Tropical pet lizards
Article Summary: In this blog post, I’ll talk about the many different types of lizard cages available to keepers. I’ll also offer some tips for choosing the right cage for the particular lizard species you plan to keep.
Lizards are an incredibly diverse group of animals. In the wild, the live in a wide range of habitats, from the driest deserts to the steamiest rain forests. Some lizards are herbivores, some are omnivores, and some eat only insects. Certain types of lizards can live on fruit flies, while others species like the Komodo dragon will eagerly dine on large mammal carcasses.
What’s my point? The point is that different lizard species have different environmental needs, and those differences may be worlds apart. So when you are shopping for lizard cages and creating a habitat for your captive pet, you need to understand how it lives in the wild and what it needs in captivity. For example, the cage setup for a uromastyx lizard would be completely inappropriate for a panther chameleon.
First, let’s talk about some of the key considerations for lizard caging. Then we will talk about the best types of cages for certain lizard species commonly kept as pets.
What Your Lizard Cage Must Provide
Security. Heating. Humidity. Lighting. Space. These are the five key factors you must keep in mind when choosing a lizard cage for your new pet. So let’s talk about these five considerations:
1. Security Requirements
The cage must be able to keep your pet from escaping. Likewise, it must also protect your pet lizard from intruders, such as the household dog or cat. Some lizards are very good at escaping, so it’s best to choose a professional cage designed specifically for the type of pet you want to keep. I do not recommend building your own lizard cage unless (A) you start with a good plan and (B) you have the right skills for the job.
2. Heat Control
First, you need to research the temperature requirements for the lizard species you plan to keep. Then you must choose a type of cage that allows you maintain those temperatures. You can heat a reptile enclosure in several ways, but the cage must be able to hold the heat in some way.
3. Humidity Control
Some lizards have higher moisture requirements. Some are desert dwellers and need a dry cage, while others are tropical Certain types of lizards have high humidity requirements. Tropical species, for example, need to be kept in a cage or tank that maintains a higher level of humidity than a desert-dwelling species.
4. Sufficient Lighting
Most lizards are sun lovers. A few species spend a lot of time burrowing underground. But for the most part, lizards need frequent exposure to sunlight. In captivity, you can’t always duplicate this. So you have to do the next best thing. You have to use full-spectrum lights to duplicate the benefits of the sun (as much as possible). Remember this when choosing a lizard cage for your pet. It must allow the use of special lighting, as needed for your chosen species.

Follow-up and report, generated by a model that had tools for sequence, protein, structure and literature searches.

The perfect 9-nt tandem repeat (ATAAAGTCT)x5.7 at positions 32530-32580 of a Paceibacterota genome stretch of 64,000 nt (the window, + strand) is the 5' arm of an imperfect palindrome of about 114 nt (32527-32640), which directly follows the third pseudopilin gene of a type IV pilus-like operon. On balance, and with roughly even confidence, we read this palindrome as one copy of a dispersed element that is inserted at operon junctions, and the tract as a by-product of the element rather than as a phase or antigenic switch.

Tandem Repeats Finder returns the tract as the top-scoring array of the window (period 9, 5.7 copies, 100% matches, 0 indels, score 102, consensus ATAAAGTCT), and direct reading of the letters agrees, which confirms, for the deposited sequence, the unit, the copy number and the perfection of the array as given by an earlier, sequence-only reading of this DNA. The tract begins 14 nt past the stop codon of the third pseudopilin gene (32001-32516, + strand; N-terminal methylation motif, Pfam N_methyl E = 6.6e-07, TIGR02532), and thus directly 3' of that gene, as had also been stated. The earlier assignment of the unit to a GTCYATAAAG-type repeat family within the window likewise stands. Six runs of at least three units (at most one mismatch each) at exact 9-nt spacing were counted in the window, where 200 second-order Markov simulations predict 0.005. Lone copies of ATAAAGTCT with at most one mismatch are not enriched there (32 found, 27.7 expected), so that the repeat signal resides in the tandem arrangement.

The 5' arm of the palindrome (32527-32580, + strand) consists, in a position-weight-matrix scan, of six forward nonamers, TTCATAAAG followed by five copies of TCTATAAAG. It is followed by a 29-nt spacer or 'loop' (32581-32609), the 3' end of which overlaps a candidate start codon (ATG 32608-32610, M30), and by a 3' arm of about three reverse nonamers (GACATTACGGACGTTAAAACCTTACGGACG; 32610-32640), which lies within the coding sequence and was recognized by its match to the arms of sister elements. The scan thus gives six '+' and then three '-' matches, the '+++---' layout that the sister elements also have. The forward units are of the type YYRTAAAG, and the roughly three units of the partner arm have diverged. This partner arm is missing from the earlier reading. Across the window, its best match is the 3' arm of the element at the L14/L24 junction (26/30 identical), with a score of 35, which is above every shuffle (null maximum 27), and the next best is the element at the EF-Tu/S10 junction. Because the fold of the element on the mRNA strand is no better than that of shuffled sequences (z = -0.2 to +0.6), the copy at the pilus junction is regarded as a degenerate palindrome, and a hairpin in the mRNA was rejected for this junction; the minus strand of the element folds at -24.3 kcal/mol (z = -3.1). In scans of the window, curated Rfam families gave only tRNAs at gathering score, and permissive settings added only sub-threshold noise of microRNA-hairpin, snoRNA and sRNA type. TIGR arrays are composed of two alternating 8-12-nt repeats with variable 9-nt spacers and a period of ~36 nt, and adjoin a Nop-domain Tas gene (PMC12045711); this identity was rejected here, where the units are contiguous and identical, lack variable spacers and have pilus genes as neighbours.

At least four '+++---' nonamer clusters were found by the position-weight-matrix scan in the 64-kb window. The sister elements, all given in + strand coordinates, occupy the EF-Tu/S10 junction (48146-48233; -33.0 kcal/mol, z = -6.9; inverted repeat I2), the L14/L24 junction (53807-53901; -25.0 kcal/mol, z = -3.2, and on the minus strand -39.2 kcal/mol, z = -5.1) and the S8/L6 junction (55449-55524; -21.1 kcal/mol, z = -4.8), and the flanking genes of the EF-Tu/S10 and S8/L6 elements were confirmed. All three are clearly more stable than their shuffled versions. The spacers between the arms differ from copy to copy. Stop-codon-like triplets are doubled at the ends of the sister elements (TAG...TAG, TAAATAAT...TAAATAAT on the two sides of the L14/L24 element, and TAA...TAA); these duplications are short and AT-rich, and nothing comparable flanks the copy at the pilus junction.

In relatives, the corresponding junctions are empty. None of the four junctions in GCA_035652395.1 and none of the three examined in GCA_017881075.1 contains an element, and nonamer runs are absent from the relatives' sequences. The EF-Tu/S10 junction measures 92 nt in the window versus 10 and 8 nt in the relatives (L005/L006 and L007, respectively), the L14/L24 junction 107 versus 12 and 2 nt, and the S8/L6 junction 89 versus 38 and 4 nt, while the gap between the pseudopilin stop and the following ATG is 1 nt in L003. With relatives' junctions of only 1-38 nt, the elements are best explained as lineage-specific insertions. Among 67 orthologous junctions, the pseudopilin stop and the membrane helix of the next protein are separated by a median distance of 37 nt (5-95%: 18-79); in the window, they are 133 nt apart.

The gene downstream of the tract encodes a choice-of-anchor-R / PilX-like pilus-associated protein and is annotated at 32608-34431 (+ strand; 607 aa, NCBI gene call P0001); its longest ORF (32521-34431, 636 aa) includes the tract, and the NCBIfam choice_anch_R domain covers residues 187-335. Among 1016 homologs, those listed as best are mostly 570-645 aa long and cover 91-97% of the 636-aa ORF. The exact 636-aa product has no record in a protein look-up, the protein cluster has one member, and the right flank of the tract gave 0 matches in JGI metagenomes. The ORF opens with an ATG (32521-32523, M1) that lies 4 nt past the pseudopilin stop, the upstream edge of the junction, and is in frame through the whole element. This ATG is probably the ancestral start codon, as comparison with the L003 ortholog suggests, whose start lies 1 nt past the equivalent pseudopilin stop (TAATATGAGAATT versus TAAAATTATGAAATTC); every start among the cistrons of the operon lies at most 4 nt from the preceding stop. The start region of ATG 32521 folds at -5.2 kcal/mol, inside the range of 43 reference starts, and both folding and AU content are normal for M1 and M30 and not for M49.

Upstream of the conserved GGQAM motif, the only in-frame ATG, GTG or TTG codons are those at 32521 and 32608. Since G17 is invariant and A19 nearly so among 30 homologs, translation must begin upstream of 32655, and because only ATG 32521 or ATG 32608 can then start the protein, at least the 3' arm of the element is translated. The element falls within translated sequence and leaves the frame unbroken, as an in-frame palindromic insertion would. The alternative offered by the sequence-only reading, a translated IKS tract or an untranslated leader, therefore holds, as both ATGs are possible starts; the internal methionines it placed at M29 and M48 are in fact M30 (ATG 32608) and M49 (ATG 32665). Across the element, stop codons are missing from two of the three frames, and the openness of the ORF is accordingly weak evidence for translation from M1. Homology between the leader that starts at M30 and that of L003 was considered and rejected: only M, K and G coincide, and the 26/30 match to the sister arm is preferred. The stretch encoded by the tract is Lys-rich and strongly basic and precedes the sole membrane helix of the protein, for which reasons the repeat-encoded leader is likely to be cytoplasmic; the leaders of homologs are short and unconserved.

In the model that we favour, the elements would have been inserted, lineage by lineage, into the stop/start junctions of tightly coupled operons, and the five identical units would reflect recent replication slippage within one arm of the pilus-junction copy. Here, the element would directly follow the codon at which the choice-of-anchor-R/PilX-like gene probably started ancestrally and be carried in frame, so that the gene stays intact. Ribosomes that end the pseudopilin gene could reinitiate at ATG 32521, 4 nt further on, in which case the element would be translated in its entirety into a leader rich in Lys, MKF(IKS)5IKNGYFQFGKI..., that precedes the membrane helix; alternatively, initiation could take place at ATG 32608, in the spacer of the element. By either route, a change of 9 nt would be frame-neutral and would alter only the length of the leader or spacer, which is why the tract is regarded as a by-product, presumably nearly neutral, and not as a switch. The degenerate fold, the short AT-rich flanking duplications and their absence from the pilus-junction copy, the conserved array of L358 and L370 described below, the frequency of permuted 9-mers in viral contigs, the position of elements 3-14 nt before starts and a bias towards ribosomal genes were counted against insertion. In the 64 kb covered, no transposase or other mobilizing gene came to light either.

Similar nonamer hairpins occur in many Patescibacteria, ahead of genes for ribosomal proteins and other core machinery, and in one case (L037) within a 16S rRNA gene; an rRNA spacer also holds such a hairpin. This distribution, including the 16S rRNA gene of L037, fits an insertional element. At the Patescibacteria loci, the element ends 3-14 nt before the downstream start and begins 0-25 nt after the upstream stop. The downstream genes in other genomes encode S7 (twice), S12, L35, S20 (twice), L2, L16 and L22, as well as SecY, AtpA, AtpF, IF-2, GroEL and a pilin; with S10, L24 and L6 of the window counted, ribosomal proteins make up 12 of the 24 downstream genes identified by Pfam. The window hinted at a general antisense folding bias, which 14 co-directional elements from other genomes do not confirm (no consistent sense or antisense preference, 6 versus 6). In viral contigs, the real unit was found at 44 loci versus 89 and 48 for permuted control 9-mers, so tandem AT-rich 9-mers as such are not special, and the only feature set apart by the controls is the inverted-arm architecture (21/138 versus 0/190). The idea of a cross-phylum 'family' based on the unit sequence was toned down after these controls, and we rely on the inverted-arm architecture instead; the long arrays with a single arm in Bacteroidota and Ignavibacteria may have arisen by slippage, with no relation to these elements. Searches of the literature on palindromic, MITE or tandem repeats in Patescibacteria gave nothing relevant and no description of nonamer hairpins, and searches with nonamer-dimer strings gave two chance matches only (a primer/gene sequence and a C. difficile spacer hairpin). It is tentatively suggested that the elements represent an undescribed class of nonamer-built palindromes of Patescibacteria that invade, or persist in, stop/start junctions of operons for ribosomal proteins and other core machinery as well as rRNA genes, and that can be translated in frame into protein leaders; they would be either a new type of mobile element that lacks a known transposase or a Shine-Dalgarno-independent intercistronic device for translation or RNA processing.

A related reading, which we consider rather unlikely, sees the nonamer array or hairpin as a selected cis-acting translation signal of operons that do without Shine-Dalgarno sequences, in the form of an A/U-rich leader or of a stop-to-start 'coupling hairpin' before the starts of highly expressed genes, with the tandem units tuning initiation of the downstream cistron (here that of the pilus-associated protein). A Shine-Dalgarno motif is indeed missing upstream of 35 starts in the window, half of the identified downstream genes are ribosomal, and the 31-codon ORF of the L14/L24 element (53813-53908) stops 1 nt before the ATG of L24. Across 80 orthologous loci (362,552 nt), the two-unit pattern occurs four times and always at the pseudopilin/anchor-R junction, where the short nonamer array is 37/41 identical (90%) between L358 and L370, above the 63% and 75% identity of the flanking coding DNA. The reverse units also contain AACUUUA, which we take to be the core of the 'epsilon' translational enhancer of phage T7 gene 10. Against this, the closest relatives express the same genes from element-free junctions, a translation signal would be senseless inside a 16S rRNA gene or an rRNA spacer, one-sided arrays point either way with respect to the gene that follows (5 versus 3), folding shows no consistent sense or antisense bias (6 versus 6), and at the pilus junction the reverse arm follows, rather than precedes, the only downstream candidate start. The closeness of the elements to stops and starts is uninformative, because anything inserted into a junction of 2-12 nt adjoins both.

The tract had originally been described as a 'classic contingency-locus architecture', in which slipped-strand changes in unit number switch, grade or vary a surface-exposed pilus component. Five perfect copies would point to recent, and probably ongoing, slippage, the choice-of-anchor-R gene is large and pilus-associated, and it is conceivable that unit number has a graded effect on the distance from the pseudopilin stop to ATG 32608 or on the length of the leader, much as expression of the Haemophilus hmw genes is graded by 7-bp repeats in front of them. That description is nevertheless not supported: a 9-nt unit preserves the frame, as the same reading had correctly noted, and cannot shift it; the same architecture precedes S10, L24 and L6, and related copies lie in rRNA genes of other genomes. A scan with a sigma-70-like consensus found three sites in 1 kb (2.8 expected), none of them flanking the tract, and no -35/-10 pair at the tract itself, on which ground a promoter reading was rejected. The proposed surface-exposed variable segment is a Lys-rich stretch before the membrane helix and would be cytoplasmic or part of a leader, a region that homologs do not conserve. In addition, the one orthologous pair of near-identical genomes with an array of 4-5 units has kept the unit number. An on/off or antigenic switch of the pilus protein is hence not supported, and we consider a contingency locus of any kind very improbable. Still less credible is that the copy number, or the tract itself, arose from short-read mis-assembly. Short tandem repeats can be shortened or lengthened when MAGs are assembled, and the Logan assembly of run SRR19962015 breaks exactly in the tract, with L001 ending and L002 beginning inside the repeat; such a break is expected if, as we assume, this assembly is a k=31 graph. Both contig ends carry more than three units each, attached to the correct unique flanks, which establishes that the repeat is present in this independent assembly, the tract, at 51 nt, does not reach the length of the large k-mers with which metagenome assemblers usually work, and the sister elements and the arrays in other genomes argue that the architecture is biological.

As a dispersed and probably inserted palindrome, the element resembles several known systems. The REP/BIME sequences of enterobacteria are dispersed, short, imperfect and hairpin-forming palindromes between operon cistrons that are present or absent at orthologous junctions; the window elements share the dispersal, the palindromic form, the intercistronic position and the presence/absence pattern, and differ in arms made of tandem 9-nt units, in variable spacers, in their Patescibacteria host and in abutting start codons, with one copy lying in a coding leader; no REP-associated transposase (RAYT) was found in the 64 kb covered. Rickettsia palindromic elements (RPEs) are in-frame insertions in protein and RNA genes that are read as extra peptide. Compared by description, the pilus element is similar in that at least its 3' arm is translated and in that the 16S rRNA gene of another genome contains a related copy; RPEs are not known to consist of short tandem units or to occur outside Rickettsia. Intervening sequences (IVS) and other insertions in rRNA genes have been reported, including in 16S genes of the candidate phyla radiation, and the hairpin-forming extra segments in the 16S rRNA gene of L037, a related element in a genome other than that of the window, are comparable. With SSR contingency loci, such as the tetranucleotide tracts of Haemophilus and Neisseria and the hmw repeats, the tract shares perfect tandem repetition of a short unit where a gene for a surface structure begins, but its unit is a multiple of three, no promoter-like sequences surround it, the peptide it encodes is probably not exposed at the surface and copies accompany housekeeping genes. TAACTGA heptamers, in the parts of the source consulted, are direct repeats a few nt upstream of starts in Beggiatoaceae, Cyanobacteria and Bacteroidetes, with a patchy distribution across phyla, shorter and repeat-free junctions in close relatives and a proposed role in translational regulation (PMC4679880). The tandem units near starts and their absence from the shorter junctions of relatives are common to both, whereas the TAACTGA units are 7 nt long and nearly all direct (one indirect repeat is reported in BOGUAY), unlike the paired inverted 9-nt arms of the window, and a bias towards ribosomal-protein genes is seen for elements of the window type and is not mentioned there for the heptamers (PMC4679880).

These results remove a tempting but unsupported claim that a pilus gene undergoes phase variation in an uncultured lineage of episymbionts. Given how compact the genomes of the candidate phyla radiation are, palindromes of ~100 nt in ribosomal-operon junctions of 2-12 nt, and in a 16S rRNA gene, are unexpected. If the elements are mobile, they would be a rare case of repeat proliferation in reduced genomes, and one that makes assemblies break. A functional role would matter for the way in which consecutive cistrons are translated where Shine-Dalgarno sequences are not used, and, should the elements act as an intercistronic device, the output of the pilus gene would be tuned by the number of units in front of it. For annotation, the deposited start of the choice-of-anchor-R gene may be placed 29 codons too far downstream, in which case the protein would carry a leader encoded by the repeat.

5. Space and Orientation
Sure, that baby iguana is cute. And it’s so tiny! But a full-grown green iguana could be nearly six feet in length and will require plenty of cage space. On the other hand, certain species like the geckos can be housed in much smaller enclosures. You will need to research the space requirement for your pet lizard, and make sure you can meet those requirement before you bring the animal home.
You also need to choose a cage that is oriented properly for your particular pet, depending on whether it spends most of its time on the ground or in trees (see image below).
Recommendations for Different Lizards
So now we’ve discussed the general considerations for lizard cages, let’s move on to some specific recommendations for different species. This list is not meant to be all-inclusive, but it does cover the types of lizards most commonly kept as pets.
Bearded Dragon — This is one of the most popular types of pet lizards, and part of the reason is that they are easy to house. Plastic enclosures (such as those made by Vision cages) work well with bearded dragons, and so do basic glass terrariums. Adults should be housed in 55 gallon terrariums or larger, or a plastic cage that’s about 4 feet long and 2 feet deep. Ordinary sand works well as a substrate. You’ll also need to provide a basking area, as well as some full-spectrum lighting (UVA / UVB). Learn more about housing a bearded dragon.
Green Iguana — When they are full grown, iguanas are much larger than any of the other lizard species on this list. So keep that in mind for future reference. When your green iguana reaches adult size, it’s going to need a lot of space. In other words, this is probably not best lizard for you if you live in a small apartment. The cage should be twice the length of the iguana or larger, and it should be tall enough to allow for perching and basking. As with most other lizards, proper lighting is important here as well. Learn more about housing a green iguana.
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